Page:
Preliminary clinical prediction rule for identifying patients with ankylosing spondylitis who are likely to respond to an exercise program: A pilot study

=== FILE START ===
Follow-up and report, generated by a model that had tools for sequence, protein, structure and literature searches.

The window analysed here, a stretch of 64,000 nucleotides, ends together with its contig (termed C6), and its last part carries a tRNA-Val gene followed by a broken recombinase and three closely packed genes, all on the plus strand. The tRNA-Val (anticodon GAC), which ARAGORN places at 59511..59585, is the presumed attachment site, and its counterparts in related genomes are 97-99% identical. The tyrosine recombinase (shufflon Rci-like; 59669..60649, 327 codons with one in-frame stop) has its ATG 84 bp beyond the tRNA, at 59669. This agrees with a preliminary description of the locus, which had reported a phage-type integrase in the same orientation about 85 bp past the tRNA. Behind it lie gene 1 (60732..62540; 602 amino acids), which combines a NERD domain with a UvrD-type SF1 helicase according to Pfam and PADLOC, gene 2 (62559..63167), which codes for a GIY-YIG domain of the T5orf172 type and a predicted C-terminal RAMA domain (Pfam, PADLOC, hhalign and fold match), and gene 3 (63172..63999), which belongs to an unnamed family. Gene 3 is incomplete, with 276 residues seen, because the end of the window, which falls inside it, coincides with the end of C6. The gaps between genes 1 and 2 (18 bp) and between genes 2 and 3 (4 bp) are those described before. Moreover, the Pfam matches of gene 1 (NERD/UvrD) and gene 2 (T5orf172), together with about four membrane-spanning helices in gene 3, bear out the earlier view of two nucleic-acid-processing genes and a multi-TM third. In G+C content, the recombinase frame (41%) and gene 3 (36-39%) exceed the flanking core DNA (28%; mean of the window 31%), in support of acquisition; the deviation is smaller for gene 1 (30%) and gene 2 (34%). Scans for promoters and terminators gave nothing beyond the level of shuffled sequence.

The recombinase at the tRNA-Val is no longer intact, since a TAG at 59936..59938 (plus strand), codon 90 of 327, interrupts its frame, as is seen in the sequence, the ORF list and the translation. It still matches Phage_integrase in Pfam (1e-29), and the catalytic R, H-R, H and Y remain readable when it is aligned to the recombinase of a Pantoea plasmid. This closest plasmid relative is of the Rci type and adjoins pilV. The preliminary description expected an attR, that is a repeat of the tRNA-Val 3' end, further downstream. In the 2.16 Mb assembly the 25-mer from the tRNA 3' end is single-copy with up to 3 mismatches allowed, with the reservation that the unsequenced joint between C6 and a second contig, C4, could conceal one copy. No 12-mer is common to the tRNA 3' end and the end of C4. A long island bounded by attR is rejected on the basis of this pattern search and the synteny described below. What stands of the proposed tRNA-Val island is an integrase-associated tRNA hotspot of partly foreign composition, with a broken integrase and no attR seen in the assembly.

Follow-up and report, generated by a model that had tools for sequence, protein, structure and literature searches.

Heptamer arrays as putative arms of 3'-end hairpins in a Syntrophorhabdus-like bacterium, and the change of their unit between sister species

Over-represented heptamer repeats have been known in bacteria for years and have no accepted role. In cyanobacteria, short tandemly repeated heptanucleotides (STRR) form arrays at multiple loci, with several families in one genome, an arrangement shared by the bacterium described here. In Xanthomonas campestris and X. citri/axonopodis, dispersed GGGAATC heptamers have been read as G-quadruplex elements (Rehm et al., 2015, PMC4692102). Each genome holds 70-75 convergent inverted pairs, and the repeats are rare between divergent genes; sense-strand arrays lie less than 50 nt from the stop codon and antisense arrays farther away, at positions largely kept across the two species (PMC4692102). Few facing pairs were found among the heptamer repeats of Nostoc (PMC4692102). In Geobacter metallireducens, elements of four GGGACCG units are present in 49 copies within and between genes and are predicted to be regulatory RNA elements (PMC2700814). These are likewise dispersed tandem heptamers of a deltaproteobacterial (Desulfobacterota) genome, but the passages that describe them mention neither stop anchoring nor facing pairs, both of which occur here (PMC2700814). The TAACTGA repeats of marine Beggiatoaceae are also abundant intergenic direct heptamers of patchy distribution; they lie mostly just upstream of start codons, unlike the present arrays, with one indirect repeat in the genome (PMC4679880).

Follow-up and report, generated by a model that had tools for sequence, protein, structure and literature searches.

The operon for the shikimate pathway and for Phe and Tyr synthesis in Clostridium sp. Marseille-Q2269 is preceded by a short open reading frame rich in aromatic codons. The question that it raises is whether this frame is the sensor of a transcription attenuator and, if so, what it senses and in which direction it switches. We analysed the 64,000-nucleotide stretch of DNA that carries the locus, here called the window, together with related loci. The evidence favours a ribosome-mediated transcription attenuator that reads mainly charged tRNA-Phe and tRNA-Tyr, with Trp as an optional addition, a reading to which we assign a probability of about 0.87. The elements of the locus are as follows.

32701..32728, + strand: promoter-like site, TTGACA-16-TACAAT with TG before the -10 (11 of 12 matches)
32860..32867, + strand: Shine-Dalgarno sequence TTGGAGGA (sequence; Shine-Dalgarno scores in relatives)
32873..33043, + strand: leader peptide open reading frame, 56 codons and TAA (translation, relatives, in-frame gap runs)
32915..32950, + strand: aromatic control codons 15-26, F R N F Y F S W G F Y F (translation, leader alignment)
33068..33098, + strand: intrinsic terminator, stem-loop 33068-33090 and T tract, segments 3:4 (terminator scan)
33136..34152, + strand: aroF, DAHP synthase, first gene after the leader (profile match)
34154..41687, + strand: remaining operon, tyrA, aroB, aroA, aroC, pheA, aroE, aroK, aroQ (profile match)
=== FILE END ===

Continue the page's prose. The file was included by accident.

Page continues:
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OBJECTIVE: The aim of this study was to develop a preliminary clinical prediction rule to identify the potential predictors for identifying patients presenting with ankylosing spondylitis who are likely to respond to a specific exercise program. DESIGN: Consecutive patients with ankylosing spondylitis underwent a standardized examination and then received eight physical therapy sessions during a 2-mo period, which included an exercise program based on the treatment of the shortened muscle chains, following the guideline described by the global posture re-education method. Patients were classified as having experienced a successful outcome at 1 mo after discharge based on a 20% reduction on Bath Ankylosing Spondylitis Functional Index and self-report perceived recovery. Potential predictor variables were entered into a stepwise logistic regression model to determine the most accurate set of variables for identifying treatment success. RESULTS: Data from 35 patients were included, of which 16 (46%) experienced a successful outcome. A clinical prediction rule with three variables (physical role >37, bodily pain >27, and Bath Ankylosing Spondylitis Disease Activity Index >31) was identified. The most accurate predictor of success was if the patient exhibited two of the three variables, and the positive likelihood ratio was 11.2 (95% confidence interval, 1.7-76.0) and the posttest probability of success increased to 91%. The accuracy of prediction declined if either 1/3 (+likelihood ratio = 7.7; 95% confidence interval, 0.52-113.5) or 3/3 (+likelihood ratio = 2.6, 95% confidence interval, 1.6-4.0) variables were present. CONCLUSIONS: The present preliminary clinical prediction rule provides the potential to identify patients with ankylosing spondylitis who are likely to experience short-term follow-up success with a specific exercise program. Future studies are necessary to validate the clinical prediction rule. © 2009 Lippincott Williams & Wilkins, Inc.

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